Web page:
Traffic Light Diet or Similar Approaches (2006)The Traffic Light Diet (sometimes called the Stop Light Diet) was developed by Leonard H. Epstein and colleagues for use in their family-based childhood overweight research. This group of scholars has been responsible for a large portion of the best research on childhood overweight for over the past two decades. Perhaps because of the ground-breaking nature of their research, the Traffic Light Diet has become broadly recognized and in some cases copied.
What is the evidence to support using the Traffic Light Diet as a way of managing energy and food intake in children?
The Traffic Light Diet is an effective component of a clinically supervised, multi-component childhood weight-management intervention program.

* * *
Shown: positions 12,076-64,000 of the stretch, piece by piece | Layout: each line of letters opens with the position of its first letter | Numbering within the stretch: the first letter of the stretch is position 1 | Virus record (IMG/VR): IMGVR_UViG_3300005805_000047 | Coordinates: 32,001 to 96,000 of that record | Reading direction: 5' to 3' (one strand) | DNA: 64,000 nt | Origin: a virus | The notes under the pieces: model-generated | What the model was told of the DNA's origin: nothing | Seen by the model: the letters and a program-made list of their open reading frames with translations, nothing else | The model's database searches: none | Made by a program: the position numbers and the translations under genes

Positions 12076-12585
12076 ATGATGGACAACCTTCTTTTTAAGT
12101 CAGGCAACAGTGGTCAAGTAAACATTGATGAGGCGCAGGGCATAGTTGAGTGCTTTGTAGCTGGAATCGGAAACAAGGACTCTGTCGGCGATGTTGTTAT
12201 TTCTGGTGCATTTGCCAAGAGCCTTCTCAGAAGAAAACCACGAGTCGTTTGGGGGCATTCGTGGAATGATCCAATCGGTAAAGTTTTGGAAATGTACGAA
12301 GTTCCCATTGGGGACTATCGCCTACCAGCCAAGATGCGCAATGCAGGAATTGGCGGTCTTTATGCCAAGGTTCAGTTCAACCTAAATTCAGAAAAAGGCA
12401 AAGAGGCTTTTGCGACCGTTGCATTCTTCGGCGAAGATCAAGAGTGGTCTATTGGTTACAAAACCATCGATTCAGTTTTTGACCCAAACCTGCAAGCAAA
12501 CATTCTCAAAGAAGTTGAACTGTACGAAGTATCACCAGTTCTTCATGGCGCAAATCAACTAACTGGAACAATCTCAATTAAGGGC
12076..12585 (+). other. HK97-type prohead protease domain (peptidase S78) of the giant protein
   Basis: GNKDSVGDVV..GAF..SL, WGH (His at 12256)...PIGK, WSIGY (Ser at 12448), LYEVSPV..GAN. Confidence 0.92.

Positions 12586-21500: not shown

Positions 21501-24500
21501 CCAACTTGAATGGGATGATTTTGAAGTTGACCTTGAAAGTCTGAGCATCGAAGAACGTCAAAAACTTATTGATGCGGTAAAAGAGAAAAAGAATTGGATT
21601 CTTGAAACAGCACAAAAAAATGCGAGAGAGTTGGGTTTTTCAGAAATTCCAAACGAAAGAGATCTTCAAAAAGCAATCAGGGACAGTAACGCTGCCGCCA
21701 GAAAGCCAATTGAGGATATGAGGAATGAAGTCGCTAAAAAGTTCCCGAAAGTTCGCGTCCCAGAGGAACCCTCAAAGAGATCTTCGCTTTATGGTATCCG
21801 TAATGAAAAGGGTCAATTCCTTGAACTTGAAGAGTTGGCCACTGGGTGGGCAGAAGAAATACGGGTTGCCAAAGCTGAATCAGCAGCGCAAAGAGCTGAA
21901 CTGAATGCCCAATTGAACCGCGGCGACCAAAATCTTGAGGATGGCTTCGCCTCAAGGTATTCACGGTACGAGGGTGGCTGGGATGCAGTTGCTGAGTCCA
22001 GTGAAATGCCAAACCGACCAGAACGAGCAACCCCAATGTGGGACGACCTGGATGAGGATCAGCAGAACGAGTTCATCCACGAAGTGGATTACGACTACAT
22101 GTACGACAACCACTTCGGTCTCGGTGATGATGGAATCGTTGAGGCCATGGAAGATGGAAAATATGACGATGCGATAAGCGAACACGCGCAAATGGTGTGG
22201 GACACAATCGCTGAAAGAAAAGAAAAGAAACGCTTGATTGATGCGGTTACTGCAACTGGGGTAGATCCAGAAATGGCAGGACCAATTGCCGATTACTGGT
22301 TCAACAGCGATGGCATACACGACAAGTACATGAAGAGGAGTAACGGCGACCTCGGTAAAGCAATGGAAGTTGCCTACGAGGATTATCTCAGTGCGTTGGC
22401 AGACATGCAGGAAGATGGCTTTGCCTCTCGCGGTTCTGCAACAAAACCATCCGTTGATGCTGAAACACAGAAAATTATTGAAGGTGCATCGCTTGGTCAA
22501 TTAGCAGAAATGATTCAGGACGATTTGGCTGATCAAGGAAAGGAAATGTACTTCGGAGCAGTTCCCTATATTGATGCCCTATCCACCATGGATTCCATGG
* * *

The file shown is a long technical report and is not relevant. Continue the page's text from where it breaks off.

- Grade I means there is Good/Strong evidence supporting the statement;
- Grade II is Fair;
- Grade III is Limited/Weak;
- Grade IV is Expert Opinion Only;
- Grade V is Not Assignable.
- High (A) means we are very confident that the true effect lies close to that of the estimate of the effect;
- Moderate (B) means we are moderately confident in the effect estimate;
- Low (C) means our confidence in the effect estimate is limited;
- Very Low (D) means we have very little confidence in the effect estimate.
- Ungraded means a grade is not assignable.
Search Plan and Results: Diet Therapy: Traffic Light Diet 2005